The opening of a library doesn’t usually make the headlines, but when Aung San Suu Kyi is able to leave her home to even visit a library, it is worthy of mention. Suu Kyi has been under house arrest for many years, but was released in November 2010, and on a trip outside of Rangoon, in August 2011, she visited Bago and opened two libraries. The libraries were named in her honour, and, according to the Mizzima report, were established to help the poor access information which would otherwise be too expensive for them.
Aung San Suu Kyi secretly recorded the 2011 Reith Lectures for the BBC this year (also available from ABC Radio National’s ‘Big Ideas’). Also this year, ABC journalist Zoe Daniel met with Aung San Suu Kyi, and the report below includes a rare interview with Suu Kyi.
The Lady on the lake / Uploaded to Youtube.com by JourneymanPictures 15.08.2011, Reported by Zoe Daniel, Foreign Correspondent, ABC TV Australia, originally aired 19.07.2011, viewed 16.08.2011, http://www.youtube.com/watch?v=wtYY6GllMNA (also http://www.abc.net.au/foreign/content/2011/s3273094.htm)
In 1991 Aung San Suu Kyi received the Nobel Peace Prize, and in 1996 she was made a Companion of the Order of Australia. Below are some sources, as well as some related links and searches.
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Canberra is lucky when it comes to libraries, as it not only has the whole range of different library types, but also libraries in every level of government (local/state/federal), not to mention libraries in all levels of educational institutions and private organisations. But, does Canberra have the oft’ quoted, almost mythical figure of “over 300 libraries”? Well, a look around the net indicates that Canberra really does have allot of libraries…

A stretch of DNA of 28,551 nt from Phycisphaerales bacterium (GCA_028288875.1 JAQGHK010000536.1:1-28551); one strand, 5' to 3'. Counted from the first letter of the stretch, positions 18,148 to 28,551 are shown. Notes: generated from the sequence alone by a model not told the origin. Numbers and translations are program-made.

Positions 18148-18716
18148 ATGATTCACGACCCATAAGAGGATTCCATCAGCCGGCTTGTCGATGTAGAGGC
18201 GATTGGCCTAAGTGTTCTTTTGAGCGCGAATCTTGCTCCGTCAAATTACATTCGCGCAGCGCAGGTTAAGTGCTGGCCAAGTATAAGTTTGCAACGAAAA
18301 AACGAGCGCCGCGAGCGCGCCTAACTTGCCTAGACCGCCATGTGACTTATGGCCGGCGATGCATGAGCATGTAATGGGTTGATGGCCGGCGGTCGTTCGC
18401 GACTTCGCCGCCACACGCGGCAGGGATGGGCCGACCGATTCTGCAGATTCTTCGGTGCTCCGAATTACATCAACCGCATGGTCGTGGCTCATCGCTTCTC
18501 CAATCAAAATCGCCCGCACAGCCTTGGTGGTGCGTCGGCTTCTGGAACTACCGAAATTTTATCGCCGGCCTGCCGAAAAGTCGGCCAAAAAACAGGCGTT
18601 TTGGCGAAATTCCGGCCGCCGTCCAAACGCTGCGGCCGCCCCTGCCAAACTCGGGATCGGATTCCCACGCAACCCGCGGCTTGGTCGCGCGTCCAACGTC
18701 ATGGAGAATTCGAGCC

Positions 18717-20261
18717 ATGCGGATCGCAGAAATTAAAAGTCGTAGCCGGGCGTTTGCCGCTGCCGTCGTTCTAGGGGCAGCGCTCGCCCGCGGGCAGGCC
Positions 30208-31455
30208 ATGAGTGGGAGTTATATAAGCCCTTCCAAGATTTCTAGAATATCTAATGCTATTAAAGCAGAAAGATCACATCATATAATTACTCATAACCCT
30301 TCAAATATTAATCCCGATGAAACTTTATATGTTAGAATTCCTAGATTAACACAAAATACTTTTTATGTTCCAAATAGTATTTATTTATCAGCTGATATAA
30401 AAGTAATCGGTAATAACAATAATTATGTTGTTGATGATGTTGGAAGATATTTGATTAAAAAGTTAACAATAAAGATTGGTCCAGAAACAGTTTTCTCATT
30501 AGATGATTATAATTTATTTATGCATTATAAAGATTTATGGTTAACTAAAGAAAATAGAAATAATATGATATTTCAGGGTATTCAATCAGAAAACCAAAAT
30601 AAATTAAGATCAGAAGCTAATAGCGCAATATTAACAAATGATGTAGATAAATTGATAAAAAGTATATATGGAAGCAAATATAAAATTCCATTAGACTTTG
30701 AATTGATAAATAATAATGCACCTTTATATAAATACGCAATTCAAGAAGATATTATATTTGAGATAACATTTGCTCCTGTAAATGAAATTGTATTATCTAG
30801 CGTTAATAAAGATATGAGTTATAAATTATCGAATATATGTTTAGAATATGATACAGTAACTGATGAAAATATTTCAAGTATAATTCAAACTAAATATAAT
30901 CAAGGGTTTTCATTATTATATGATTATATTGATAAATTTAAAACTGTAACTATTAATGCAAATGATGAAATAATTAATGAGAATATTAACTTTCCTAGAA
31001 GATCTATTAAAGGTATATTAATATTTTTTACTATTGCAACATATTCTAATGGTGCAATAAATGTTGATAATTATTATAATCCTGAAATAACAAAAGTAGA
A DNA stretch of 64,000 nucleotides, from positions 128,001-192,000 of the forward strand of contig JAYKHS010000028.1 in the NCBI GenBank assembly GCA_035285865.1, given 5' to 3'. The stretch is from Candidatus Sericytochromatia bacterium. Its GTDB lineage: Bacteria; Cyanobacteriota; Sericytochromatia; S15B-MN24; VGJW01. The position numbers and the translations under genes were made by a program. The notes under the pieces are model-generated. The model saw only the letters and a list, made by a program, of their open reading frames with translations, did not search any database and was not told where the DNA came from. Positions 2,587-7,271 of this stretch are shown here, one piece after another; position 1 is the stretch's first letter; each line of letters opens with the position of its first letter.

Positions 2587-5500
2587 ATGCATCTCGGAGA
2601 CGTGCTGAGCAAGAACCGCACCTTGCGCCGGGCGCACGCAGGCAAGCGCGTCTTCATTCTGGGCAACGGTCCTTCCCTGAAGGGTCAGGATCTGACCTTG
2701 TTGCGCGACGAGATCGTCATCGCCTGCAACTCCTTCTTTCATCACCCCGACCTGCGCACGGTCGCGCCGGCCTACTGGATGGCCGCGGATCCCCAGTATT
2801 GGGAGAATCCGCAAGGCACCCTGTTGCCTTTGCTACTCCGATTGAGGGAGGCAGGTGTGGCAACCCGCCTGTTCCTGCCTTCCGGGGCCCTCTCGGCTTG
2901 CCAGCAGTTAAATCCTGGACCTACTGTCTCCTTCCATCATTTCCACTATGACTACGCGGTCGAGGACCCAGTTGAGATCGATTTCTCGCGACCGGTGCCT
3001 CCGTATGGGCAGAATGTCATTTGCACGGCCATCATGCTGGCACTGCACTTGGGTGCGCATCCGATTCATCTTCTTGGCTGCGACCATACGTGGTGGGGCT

We have the local ACT Public Library Service (with 8 branches), and the local New South Wales regional Queanbeyan Public Library (with 3 branches).
As well, there is the National Library of Australia, which is the national deposit library, and home to the Australian union catalogue (accessible using Trove).
The major Federal Government departments almost all have libraries (members of AGLIN like the Australian Parliamentary Library, Defence , Environment, Attorney-General’s, DFAT, and Broadband & Communications)
The Territory Government departments also have libraries (like the ACT Health Library, the Supreme Court Library, and the Education Department).
Statutory Authorities are independent government funded organisations, and most of these have libraries (like the Institute of Criminology, Productivity Commission, Australian Institute of Aboriginal and Torres Strait Islander Studies, Australian Federal Police, Australian Electoral Commission, Commonwealth Scientific and Industrial Research Organisation, and the Australian Sports Commission).
Canberra is home to many national institutions with libraries (like the National Museum, the National Gallery, and
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